The laser-assisted bioprinter (LAB) is less common than inkjet or microextrusion bioprinters, but its applications engineering are increasing. A LAB usually consists of a pulsating laser, a focusing system, a ribbon support commonly made from glass covered with an energy absorbing layer (gold or titanium) and a layer of biomaterial containing cells and hydrogel [5]. The laser pulse will focus on the absorbing layer creating high pressure bubbles, propelling cells toward the substrate plate below. Droplet size was found to be directly correlated with laser pulse energy, providing precise size control [12]. Because LAB is a nozzle-free device, clogging of the nozzle is avoided. LAB is compatible with a wide range of biomaterials with various viscosities. In addition, LAB can produce high resolution 3D structures with high cell viability [5]. Despite these advantages, the high cost of a LAB device prevents its use for basic research.

3D Bioprinting Strategies

3D Bioprinting Approaches

3D bioprinting is based upon three central approaches: biomimicry, autonomous self-assembly, and mini-tissue building blocks.

  • Biomimicry involves the replication of both intracellular and extracellular components of a tissue or organ. In order to successfully mimic a specific functional component of a tissue, an understanding of microenvironment is needed. This includes the specific arrangement of functional and support cell types, gradients of soluble and insoluble factors, and composition of the ECM [5]. Biomimicry attempts to model a fully developed tissue and its environment.
  • Autonomous self-assemblyuses the development of embryonic organs as a guide. During the early stage of embryo growth, cellular components produce their own ECM components that give the appropriate signal for the formation of functional biological micro-architecture. Autonomous self-assembly relies on cells to direct the composition, localization, functional, and structural properties of the tissue. A scaffold-free tissue fabrication method takes advantage of self-assembling cellular spheroids to mimic developing tissue [5]. This approach would require an in-depth understanding of the environment that drives the development of embryonic tissue genesis and organogenesis.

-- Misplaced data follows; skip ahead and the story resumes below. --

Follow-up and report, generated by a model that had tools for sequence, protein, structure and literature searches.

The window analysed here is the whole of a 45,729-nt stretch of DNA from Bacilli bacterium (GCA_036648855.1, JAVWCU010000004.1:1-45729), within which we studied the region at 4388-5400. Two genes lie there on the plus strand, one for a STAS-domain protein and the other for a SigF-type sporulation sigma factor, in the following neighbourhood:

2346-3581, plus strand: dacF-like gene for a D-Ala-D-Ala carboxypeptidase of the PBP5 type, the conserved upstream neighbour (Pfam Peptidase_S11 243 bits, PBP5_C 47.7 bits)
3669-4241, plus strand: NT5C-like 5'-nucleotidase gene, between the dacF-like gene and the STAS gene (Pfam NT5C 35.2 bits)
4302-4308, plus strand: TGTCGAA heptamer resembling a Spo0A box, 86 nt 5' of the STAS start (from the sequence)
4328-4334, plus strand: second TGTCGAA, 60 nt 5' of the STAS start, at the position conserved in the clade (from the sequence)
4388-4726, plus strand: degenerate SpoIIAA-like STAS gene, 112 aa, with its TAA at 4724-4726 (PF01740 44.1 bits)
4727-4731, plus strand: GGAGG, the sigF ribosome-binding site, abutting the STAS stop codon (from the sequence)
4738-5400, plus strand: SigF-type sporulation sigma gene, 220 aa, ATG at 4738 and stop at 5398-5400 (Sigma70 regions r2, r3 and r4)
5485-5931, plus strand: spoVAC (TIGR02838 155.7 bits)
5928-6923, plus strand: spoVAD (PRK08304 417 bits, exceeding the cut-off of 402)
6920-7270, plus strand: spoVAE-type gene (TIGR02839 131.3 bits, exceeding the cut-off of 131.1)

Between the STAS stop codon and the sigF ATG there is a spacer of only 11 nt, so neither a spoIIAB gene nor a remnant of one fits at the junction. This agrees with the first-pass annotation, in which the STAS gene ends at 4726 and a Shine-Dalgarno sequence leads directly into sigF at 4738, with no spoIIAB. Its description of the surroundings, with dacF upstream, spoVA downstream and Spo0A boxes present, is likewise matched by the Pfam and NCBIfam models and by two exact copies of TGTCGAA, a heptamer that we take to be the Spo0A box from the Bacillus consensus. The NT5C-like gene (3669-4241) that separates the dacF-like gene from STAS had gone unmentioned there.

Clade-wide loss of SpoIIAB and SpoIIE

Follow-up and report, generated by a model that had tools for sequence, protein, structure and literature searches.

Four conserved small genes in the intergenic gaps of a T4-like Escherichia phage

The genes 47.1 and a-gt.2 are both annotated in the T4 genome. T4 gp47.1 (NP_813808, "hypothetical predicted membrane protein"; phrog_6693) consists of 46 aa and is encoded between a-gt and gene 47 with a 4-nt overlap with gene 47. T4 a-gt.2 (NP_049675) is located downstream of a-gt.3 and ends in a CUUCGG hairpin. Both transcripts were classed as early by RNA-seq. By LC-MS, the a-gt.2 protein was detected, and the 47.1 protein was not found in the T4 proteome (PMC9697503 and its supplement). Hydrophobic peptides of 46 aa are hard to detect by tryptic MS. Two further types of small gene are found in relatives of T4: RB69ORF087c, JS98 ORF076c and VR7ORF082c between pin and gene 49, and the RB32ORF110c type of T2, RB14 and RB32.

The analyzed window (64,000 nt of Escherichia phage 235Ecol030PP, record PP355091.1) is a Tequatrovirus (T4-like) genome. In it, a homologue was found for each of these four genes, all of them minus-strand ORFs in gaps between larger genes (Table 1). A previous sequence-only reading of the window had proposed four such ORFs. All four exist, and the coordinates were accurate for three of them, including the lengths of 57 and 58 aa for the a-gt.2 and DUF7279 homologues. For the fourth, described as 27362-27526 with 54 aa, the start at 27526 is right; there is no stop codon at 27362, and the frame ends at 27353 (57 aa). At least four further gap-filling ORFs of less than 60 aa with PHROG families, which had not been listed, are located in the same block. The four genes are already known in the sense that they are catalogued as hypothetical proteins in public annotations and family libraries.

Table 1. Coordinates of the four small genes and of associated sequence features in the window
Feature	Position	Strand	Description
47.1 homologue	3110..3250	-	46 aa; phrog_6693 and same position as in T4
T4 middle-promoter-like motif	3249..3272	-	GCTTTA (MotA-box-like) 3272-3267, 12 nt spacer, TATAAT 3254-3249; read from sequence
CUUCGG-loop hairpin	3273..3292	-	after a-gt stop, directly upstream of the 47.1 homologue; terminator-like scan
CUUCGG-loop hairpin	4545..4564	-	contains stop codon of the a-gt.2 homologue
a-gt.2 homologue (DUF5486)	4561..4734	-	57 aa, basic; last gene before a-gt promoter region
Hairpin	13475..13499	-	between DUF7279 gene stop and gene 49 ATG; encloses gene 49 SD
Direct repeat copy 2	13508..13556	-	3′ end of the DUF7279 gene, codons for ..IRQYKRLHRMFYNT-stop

• Mini-tissues are the functional building blocks of tissue and organs. Mini-tissues are fabricated separately and assembled into a larger tissue through rational design, self-assembly, or a combination of both [5].

Imaging and Digital Design

In order to reproduce complex, heterogeneous functional tissues and organs found in the human body, understanding of composition and organization of their components is an essential requirement. Medical imaging tools are used to provide information on the 3-Dimensional structure and function of these systems at the cellular level [5]. The most commonly utilized methods are computed tomography (CT) and magnetic resonance imaging (MRI). Computer-aided design and computer-aided manufacturing (CAD-CAM) tools are also used to generate complex visual designs for tissue. This is just the first step in the path to creating a 3D tissue or organ model.

Material Consideration

The selection of bioink material is an important consideration when planning to bioprint a tissue model; materials must be suitable for crosslinking in order to facilitate bioprinter deposition and shape retention, as well as biocompatible for long-term transplantation goals. The table below outlines each of the key considerations in preparing an ideal bioink. There are countless possible biomaterials suitable for bioprinting including poly(ethylene glycol) (PEG), polylactic acid (PLA), polyglycolic acid (PGA), poly(lactic-co-glycolic) acid (PLGA) and gellan gum. The choice of material is dependent upon desired cell type and mechanical properties of the tissue being mimicked.

The properties of ideal materials used in tissue-engineering applications [5]

Cell Types